Wednesday, September 28, 2011

Helping Your Child Make Friends

Learning to make friends is one of the most significant tasks in a child’s early social development. A child usually begins this process during the second year of life playing alongside another toddler. Although there is not much interaction, children notice that they are not much different from others and they are not the center of the universe.

During the preschool years children develop social skills they’ll need to establish and maintain friendship. Though they’re still very self-centered, children of this age begin to initiate contacts with strangers. They negotiate roles, and they learn to compromise. Somehow they manage rejection, claim their possessions, and learn ways to settle conflicts. Friends do things to reinforce each other's acceptable behavior and even model behavior for one another.

What can parents do to guide the social development of their young children?

One important thing is to help a child learn how to approach other children, how to make contact. Your child will be watching how you do it. How you manage social situations affects the way your child views social interaction. Encourage your child to smile and make eye contact with others. It’s okay to suggest some words to use when a child wants to join others in ongoing play, and some ways to be sure she will be accepted, like "can I be the visiting grandma?" instead of "I want to play house too."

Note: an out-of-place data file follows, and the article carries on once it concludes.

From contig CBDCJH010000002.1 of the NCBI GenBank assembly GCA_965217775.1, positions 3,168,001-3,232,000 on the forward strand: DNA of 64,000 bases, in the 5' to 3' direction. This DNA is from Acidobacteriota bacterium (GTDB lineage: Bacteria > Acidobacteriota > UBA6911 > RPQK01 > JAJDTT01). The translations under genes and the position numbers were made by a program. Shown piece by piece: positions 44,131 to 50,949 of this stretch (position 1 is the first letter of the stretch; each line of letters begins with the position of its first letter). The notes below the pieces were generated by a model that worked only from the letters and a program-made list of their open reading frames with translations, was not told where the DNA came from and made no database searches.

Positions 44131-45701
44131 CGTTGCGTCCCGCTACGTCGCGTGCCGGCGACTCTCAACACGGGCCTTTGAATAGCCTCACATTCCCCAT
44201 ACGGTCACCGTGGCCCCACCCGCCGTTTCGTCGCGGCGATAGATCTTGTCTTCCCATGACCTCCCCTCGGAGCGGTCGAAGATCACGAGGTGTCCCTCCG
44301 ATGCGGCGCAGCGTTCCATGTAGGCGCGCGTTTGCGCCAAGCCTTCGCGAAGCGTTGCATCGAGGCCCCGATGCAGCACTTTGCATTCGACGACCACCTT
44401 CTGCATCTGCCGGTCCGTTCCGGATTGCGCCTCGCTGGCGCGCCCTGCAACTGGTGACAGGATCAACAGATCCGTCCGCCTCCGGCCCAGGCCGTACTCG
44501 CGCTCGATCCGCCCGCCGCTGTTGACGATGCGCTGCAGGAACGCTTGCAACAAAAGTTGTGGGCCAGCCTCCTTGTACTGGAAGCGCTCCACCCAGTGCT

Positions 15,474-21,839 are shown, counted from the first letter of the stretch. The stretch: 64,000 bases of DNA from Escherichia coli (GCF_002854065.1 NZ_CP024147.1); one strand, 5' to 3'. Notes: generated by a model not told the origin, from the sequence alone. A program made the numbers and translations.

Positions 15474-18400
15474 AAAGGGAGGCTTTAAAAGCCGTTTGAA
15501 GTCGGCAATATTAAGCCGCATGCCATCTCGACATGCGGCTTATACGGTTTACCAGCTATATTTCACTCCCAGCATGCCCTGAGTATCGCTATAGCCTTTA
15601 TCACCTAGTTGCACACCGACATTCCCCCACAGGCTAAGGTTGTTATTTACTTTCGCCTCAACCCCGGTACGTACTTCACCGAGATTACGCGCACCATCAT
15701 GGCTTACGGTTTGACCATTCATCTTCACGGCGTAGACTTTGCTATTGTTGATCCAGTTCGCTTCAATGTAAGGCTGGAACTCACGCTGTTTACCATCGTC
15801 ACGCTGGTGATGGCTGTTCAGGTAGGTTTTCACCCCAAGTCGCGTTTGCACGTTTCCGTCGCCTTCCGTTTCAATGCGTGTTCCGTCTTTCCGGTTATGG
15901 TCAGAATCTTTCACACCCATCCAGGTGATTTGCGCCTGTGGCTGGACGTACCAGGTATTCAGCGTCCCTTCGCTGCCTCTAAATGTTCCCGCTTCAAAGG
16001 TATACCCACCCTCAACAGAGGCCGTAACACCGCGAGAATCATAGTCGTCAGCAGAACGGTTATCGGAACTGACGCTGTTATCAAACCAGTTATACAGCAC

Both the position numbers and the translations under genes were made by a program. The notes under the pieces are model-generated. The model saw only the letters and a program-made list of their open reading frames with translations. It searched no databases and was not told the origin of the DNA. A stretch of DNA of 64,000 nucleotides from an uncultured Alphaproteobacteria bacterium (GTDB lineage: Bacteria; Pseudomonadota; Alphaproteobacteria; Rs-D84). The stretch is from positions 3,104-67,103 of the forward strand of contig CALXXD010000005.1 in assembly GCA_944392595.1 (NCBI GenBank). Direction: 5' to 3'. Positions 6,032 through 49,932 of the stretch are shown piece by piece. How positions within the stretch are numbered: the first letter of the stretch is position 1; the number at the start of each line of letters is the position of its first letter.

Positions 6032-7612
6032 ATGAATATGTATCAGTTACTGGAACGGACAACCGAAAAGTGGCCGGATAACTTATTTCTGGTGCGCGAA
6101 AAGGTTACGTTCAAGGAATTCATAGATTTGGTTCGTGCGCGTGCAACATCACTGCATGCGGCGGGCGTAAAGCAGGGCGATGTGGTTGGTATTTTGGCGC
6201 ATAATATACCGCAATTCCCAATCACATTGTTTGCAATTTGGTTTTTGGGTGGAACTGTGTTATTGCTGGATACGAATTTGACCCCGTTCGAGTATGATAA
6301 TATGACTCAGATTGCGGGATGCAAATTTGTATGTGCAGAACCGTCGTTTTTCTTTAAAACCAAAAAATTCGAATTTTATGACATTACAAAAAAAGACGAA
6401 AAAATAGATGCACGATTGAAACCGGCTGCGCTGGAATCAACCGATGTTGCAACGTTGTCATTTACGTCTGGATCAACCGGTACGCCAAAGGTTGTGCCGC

Provide times when your child can interact with peers in a safe and appropriate environment. If you think he’s having a difficult time making friends, try to arrange special play activities with slightly older children. They’ll provide examples of effective social skills. If your child is anxious about using his social skills, give him an opportunity to play with a younger child. He can take a lead role and this may give his self-esteem a needed boost.

As your child gets a little older and is entertaining a friend at home, try to stay out of the way so they can negotiate conflict and mange the give and take of friendship. Step in only when there is imminent danger or a squabble has gone out of control.

Don’t categorize and don't allow others to label your child as "shy," "bossy," or "hard to get along with." Social skills sometimes take a lifetime to perfect. We all know adults who are not experts at social interaction. Instead of referring to your child as "shy," you can say he is "cautious in new situations." This describes the behavior in a positive way which is better for the child.

Encourage a child’s positive efforts to get along with others, even when such attempts fail. Tell him you know it’s hard (especially if he’s shy). Remind your child that making friends sometimes takes a long time, so it’s important to keep trying. Ask questions and help him think about what the other child may need in a friend.

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